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Breathing Perfluorocarbon Liquid

  1. Apr 23, 2003 #1
    I watched the movie "The Abyss" last night and was very intriged by the scene where harris puts on the experimental underwater breathing unit. I did some research and it seems it's actually possible to take in a liquid called Perfluorocarbon. Research was done in the 60's and scientists actually got mice and cats to live for weeks while their lungs were full of this liquid. Does anyone know about the current development of this technology?
  2. jcsd
  3. Apr 23, 2003 #2
    They'll still working on something similar. The idea is that it can help treat people with lung damage from smoke inhalation, or what have you. The problem is that people with weakened respiration systems have trouble breathing the muck. Still under condsideration the last I heard.
  4. Apr 24, 2003 #3
    It's been a long time since I read this so I have no idea where to look to find it again, but I know of at least one case where it was used in humans. Some girl nearly drowned and a lot of sand and silt got into her lungs so even after getting her to the hospital and on a respirator her lungs started to collapse. The positive pressure from the machine would have caused too much damage to her already failing lungs over the next several days so they tried filling them with a perfluorocarbon liquid and using a pump to circulate it. It actually kept her lungs from completely collapsing while causing little damage and the circulation carried out most of the debris.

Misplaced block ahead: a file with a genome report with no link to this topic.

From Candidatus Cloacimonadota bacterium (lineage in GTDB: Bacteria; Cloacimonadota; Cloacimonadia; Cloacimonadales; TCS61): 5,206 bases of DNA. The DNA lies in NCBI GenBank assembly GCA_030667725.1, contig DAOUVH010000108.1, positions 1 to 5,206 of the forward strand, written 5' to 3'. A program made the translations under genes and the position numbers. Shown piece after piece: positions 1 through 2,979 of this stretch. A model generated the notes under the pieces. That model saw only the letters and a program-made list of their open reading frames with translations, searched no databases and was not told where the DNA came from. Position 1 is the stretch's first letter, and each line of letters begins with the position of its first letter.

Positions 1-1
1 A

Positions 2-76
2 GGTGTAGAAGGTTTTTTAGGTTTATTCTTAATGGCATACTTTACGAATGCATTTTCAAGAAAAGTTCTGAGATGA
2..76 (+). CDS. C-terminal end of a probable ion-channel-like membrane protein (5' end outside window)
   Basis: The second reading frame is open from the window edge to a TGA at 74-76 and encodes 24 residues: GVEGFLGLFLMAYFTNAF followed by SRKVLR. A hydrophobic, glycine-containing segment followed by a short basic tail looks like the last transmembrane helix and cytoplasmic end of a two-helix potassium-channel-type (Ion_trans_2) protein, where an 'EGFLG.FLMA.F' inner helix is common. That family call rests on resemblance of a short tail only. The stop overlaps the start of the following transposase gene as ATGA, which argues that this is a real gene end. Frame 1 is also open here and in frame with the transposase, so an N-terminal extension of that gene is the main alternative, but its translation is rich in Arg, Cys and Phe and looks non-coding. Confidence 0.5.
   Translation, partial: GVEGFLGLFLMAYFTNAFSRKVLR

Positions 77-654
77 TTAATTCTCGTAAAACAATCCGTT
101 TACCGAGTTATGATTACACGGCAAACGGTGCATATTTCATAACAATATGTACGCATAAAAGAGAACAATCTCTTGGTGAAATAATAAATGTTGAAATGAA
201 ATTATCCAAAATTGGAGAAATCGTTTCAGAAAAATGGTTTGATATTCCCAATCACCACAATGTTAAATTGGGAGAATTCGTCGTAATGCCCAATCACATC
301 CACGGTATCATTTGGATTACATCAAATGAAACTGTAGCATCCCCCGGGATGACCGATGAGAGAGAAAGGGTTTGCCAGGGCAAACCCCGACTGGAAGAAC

5. Apr 28, 2003 #4
    Hmm, now that i think of it, I remember that scene in the abyss. Also, one in "Mission to Mars", ...

    What makes up Perfluorocarbon, Element-wise? Carbon, Fluoride (?), perhaps oxygen??
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